A prominent woman in Parisian society, Marie de la Guesle—the Countess of Châteauvieux—met Mother Mectilde of the Blessed Sacrament on a charity visit in August 1651. So taken was she with the Prioress’s wisdom that she returned several days later to resume the conversation. Soon the nun began to serve as the Countess’s spiritual guide, leading her in the paths of faith, self-renunciation, prayer, and the pure love of God. The Countess and her husband became great benefactors of Mother Mectilde’s undertaking, and the Countess herself, on the day after her husband’s death in November of 1662, entered the monastery of the Benedictines of Perpetual Adoration she had helped to build.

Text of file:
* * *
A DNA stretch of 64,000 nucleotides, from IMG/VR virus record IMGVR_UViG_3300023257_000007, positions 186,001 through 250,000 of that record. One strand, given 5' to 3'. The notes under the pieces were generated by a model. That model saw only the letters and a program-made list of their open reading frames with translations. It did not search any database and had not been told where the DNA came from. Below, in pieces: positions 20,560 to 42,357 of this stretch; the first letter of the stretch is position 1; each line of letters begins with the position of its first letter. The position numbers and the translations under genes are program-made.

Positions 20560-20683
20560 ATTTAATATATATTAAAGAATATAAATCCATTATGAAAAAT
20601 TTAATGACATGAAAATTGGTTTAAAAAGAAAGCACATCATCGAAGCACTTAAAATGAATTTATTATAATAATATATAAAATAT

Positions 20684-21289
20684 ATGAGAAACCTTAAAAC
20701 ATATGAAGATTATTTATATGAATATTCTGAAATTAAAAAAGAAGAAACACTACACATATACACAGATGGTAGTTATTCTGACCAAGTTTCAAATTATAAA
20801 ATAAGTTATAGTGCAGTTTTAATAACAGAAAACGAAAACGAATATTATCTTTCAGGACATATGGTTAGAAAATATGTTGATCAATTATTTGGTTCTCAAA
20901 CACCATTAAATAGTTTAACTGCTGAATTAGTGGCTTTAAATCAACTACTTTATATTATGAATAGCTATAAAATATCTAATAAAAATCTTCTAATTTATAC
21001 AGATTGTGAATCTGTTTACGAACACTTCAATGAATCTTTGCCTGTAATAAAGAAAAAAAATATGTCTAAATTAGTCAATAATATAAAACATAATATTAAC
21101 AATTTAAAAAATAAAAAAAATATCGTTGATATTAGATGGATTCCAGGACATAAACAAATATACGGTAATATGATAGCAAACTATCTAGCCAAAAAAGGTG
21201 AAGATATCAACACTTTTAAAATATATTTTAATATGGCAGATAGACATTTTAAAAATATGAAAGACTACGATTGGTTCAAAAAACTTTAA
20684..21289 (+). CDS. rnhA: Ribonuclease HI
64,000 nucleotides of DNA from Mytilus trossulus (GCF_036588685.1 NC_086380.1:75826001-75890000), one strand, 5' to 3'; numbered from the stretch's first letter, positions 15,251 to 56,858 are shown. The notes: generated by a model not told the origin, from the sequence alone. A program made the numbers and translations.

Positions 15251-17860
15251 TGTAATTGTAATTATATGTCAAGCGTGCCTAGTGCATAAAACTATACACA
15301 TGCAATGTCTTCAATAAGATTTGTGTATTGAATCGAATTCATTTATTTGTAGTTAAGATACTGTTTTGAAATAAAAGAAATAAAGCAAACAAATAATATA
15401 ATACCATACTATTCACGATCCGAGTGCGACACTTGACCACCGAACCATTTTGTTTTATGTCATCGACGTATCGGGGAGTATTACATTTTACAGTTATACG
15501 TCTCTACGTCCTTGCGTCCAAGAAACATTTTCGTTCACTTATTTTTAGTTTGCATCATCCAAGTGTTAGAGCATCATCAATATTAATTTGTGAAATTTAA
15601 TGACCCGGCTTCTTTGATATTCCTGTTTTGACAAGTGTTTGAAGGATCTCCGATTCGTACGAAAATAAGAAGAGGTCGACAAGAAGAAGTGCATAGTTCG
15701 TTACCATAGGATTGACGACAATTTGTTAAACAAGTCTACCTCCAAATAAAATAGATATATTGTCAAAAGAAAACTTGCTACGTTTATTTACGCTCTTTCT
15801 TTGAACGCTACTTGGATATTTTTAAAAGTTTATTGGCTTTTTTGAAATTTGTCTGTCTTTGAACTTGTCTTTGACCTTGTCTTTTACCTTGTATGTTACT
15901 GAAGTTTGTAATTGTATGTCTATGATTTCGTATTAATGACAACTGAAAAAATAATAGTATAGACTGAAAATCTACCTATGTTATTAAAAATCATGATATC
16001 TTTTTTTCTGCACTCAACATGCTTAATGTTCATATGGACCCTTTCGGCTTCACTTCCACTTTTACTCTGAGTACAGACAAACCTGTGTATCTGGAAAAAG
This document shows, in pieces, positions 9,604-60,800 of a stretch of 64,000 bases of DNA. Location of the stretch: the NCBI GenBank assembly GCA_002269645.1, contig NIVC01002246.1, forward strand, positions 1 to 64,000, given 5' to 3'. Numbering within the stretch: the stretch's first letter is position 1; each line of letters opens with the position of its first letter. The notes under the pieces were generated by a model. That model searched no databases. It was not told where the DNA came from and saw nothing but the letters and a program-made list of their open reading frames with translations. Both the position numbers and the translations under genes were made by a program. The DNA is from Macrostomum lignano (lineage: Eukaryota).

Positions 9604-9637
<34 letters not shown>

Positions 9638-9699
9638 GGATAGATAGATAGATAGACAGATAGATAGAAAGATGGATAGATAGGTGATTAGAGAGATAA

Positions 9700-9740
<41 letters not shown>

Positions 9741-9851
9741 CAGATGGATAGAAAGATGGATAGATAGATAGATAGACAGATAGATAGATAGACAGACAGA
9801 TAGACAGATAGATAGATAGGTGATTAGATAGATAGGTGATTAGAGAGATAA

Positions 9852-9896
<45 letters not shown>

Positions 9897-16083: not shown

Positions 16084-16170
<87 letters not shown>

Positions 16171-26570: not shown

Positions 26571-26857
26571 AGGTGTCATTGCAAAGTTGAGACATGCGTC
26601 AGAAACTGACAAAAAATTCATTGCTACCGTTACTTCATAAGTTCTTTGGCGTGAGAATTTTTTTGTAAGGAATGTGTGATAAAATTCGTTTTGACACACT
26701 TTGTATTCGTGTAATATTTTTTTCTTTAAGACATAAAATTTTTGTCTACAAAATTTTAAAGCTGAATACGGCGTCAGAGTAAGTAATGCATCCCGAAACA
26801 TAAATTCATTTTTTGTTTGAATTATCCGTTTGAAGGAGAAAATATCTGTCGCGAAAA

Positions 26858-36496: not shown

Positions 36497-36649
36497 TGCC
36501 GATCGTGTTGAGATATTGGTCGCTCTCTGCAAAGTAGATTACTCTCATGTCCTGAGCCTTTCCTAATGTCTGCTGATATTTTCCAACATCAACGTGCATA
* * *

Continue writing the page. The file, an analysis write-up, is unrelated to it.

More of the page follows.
A permanent record of the friendship, which grew ever deeper between the mystic of Lorraine and the grand lady, was left in their candid and multifaceted correspondence, conducted over a period of about a dozen years. Marie later arranged Mectilde’s letters into a volume which she called her “breviary of fire.” Benedictine in its fundamental principles, Mother Mectilde’s teaching reflects and contributes to the French School, which included such luminaries as Pierre de Bérulle, St. John Eudes, and Jean-Jacques Olier, while drawing freely on other sources, especially St. John of the Cross and St. Francis de Sales. Mother Mectilde’s gifts of psychological penetration and practical mysticism are fully evident in the advice she gave to Marie de Châteauvieux, which her daughters in religion eagerly recopied and passed down for over three centuries, and which is now available for the first time in English in a translation that faithfully reflects the fiery quality of the original.